Black Elephants: Ignorance, Extinction and Human Impact on the PlanetNov 26th, 2014 | By admin | Category: Biodiversity/Conservation
By Suzanne York, www.howmany.org
It is said that ignorance is bliss. What about willful ignorance, or worse, indifference?
It is undeniable that humans are changing the environment and affecting the planet’s biodiversity, and much of this change is not for the better. But it is easier to stick our heads in the sand, look the other way, and/or blame someone else for humanity’s detrimental impacts.
The Gathering of Black ElephantsA recent column by Thomas Friedman of the New York Times (“Stampeding Black Elephants”) discusses our “predicament” with other species. He was writing about the World Parks Congress, which is held about once a decade to discuss the world’s protected areas (though given that the world is in the midst of the sixth mass extinction or on the verge of it, perhaps it should be held more often).
Friedman noted the use of the term “black elephant,” which is a cross between “a black swan” (an unlikely, unexpected event with enormous ramifications) and the “elephant in the room” (a problem that is visible to everyone, yet no one still wants to address it) even though we know that one day it will have vast, black-swan-like consequences.
He was quoting investor and environmentalist Adam Sweidan, who said, “there are a herd of environmental black elephants gathering out there” — global warming, deforestation, ocean acidification, mass extinction and massive fresh water pollution. “When they hit, we’ll claim they were black swans no one could have predicted, but, in fact, they are black elephants, very visible right now.”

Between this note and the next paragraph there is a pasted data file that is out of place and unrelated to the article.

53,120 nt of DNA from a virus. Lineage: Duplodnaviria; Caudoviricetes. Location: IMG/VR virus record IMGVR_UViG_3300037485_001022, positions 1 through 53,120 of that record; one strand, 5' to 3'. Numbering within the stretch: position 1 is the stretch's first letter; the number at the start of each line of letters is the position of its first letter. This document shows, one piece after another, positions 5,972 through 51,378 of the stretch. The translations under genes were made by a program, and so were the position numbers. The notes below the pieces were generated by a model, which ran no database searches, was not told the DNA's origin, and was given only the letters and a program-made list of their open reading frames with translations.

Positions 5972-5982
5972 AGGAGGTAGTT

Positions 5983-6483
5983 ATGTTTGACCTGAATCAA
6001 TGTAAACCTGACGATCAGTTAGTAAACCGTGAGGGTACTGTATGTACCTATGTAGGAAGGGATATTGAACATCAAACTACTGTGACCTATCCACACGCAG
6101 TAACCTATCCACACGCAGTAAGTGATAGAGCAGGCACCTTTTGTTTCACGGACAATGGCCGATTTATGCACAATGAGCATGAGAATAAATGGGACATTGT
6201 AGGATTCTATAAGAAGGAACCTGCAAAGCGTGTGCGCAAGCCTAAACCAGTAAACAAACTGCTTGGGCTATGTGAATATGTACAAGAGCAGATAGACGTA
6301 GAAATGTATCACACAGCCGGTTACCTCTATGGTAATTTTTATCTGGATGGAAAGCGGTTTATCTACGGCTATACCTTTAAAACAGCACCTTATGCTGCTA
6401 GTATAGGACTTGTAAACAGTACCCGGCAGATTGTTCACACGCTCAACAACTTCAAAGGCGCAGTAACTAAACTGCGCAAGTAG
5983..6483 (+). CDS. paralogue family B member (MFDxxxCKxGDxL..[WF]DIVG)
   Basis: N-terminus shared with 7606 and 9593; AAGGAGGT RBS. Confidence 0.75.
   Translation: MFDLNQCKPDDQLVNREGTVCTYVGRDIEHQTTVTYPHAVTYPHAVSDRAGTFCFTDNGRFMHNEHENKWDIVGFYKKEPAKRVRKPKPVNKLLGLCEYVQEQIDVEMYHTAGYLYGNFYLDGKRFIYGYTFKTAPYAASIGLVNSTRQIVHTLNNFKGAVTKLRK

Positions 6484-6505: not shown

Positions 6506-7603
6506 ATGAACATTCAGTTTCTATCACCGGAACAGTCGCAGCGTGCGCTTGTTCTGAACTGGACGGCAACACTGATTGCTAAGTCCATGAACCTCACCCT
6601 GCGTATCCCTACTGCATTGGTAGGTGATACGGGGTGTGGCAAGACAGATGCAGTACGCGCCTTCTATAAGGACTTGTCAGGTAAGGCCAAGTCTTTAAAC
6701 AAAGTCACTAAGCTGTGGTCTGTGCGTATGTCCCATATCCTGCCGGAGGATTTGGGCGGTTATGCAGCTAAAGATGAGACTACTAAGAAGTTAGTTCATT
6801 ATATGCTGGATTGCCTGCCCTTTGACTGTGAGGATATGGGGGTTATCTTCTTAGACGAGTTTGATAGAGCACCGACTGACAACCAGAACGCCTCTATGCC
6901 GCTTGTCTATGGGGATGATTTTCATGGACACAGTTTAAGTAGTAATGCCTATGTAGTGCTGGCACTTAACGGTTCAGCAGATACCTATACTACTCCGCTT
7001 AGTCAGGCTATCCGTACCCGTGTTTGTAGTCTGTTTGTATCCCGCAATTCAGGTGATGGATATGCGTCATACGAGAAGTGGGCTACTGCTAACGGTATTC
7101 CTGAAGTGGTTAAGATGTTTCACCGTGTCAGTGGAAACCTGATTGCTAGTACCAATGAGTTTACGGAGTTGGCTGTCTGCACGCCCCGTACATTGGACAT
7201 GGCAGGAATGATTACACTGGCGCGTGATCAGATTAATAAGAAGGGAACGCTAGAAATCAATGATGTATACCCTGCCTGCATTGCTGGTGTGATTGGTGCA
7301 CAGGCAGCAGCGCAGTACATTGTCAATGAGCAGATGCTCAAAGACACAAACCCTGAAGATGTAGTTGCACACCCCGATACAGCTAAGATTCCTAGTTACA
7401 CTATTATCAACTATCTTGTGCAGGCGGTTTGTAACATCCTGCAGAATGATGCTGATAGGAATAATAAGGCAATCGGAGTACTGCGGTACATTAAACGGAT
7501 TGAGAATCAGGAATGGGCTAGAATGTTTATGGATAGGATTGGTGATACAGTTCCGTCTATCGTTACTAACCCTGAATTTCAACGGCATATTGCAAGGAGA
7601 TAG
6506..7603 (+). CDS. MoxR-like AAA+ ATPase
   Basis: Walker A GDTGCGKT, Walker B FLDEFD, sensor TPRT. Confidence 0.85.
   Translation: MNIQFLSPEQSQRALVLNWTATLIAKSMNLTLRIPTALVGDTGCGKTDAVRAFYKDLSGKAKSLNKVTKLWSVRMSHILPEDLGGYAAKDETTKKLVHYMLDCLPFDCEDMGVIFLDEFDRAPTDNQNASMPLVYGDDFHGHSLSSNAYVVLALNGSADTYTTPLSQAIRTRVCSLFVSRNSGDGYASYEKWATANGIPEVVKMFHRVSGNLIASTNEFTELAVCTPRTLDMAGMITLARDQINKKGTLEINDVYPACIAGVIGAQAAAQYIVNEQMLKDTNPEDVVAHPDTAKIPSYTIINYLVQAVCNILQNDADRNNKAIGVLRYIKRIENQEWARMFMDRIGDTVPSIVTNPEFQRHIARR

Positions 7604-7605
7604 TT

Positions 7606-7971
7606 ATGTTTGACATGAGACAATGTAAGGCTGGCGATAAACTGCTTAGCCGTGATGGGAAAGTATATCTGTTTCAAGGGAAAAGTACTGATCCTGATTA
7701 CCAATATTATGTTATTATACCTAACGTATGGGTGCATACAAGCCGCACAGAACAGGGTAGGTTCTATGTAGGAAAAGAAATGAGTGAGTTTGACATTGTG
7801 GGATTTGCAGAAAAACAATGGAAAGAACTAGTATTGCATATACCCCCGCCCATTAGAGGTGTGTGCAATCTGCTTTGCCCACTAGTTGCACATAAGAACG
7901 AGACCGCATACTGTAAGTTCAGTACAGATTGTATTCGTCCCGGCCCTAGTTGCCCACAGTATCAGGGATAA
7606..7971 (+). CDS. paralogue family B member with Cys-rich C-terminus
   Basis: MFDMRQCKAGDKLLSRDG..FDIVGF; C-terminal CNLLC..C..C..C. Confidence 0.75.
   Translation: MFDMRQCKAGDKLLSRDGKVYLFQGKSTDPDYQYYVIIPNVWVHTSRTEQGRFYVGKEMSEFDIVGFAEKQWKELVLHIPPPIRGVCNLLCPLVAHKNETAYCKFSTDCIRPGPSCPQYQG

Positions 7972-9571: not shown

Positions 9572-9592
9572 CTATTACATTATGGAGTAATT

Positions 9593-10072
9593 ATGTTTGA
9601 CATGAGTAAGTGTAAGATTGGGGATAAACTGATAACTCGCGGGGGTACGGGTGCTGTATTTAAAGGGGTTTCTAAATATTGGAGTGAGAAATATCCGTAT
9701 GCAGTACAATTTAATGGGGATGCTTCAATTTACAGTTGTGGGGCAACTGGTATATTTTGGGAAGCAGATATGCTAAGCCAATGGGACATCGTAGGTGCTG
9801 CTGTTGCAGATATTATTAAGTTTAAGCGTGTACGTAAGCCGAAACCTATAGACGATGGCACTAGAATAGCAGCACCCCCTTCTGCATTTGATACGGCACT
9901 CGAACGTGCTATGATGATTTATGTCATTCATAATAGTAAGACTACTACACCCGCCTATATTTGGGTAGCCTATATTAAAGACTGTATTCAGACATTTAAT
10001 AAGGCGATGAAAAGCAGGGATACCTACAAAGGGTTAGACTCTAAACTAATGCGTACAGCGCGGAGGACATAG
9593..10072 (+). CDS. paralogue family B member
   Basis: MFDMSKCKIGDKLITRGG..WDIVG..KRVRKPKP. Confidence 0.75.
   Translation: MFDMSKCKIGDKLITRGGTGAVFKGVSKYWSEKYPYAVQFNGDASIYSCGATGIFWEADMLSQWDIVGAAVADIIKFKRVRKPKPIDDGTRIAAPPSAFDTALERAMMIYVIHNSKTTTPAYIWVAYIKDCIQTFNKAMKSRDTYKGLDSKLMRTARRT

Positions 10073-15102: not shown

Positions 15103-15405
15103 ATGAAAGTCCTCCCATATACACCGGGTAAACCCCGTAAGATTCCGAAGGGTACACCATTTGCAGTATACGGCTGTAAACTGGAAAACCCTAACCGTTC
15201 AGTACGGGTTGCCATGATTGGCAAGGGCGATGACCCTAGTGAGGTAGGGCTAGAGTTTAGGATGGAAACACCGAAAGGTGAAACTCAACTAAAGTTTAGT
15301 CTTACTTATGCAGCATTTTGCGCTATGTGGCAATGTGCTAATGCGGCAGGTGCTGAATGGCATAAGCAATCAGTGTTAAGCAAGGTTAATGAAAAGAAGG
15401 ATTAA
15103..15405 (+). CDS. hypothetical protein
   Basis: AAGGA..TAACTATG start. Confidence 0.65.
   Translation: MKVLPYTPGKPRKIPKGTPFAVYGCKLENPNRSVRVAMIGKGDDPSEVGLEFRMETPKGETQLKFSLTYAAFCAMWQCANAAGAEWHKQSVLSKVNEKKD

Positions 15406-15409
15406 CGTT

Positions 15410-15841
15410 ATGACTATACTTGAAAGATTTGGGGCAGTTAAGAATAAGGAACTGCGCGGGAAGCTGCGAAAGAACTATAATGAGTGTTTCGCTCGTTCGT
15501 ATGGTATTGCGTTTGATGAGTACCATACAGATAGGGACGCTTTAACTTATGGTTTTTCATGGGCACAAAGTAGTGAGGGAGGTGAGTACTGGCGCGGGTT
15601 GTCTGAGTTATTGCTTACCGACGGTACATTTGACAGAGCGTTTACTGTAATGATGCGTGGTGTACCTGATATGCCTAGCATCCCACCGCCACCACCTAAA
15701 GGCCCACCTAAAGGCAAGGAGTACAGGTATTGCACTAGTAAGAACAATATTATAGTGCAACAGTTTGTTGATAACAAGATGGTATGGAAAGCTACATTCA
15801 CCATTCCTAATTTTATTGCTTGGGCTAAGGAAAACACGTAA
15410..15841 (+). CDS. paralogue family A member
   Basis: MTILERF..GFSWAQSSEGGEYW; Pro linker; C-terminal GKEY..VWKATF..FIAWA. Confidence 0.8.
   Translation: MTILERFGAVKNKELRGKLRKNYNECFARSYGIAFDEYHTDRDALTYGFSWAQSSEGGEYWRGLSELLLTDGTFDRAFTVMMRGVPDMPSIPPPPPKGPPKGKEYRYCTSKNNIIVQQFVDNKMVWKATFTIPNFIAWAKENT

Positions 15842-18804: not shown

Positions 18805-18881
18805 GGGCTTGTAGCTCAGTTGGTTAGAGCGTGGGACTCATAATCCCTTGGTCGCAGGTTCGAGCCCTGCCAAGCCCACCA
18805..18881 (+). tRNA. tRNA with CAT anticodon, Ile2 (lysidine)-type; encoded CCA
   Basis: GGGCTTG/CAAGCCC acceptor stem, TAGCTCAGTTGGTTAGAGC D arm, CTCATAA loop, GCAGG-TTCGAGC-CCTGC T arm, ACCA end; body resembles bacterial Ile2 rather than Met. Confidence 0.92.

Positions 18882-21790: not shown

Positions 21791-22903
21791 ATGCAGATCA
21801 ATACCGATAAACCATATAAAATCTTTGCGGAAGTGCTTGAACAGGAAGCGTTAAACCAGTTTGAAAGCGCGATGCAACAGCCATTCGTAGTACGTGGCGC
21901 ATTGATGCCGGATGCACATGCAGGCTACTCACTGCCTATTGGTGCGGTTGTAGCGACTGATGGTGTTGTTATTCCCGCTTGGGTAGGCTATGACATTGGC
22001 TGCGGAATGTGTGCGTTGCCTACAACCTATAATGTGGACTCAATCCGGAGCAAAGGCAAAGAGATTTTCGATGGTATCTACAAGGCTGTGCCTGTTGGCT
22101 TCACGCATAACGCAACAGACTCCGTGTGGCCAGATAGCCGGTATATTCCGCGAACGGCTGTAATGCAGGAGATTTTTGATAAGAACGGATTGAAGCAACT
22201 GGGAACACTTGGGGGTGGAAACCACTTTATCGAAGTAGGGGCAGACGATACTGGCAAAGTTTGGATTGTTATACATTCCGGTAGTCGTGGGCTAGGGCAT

Interestingly enough, Friedman ignores the big elephant in the room, that of human population growth and our insatiable appetite for land and resources. A quick glance at the news shows how visible that is today. From the Keystone XL pipeline to deforestation of the Amazon to coal ports of the Great Barrier Reef, humans are changing the face of the planet.
In the past three years, ivory-seeking poachers have killed 100,000 African elephants, mostly to meet demand for it in Asia. Earlier this month, some Chinese officials were accused of smuggling ivory using diplomatic bags as they left Tanzania.
Just last week, the New York Times ran an article about oil drilling in Virunga National Park in the Democratic Republic of the Congo (DRC), home to the endangered mountain gorillas. The DRC is the fourth most populous country in Africa, with 74 million people. How can animals expect to survive when there is constant human encroachment on wild lands? Too many protected areas around the world are struggling with poaching and resource extraction. Yet human consumption continues to rise, unabated.
It’s not just elephants. An international team of ecologists and economists predicted in the journal Science the extinction of salt-water fish by 2048 due to overfishing, pollution, habitat loss, and climate change. It’s another black elephant – we know that the oceans are being overfished and are nearing collapse. In fact, 29 percent of edible fish and seafood species have declined by 90 percent.
But who wants to really hear this, when Black Friday and holiday meals are coming up?
Can We Change Human Behavior and Save Species?
Certainly, more land and water systems need to be conserved and protected. People need to be educated and cultural preferences addressed, especially on the true cost of ivory, in the case of elephants, but ultimately on unsustainable consumption and behaviors on a finite planet.
Yet Freidman, along with ignoring population growth, is ignoring the idea of perpetual economic growth, the other elephant in the room. He’s not alone. Until our society realizes that continued economic growth based on continued use of natural resources essentially equals the end of nature as we currently know it, we can talk about black elephants until we are blue in the face.
We can blithely ignore these issues until the elephants are extinct and the ocean collapse under limitless human demand, or we can change our ways. The choice is ours to make.
Suzanne York is a senior writer with the Institute for Population Studies.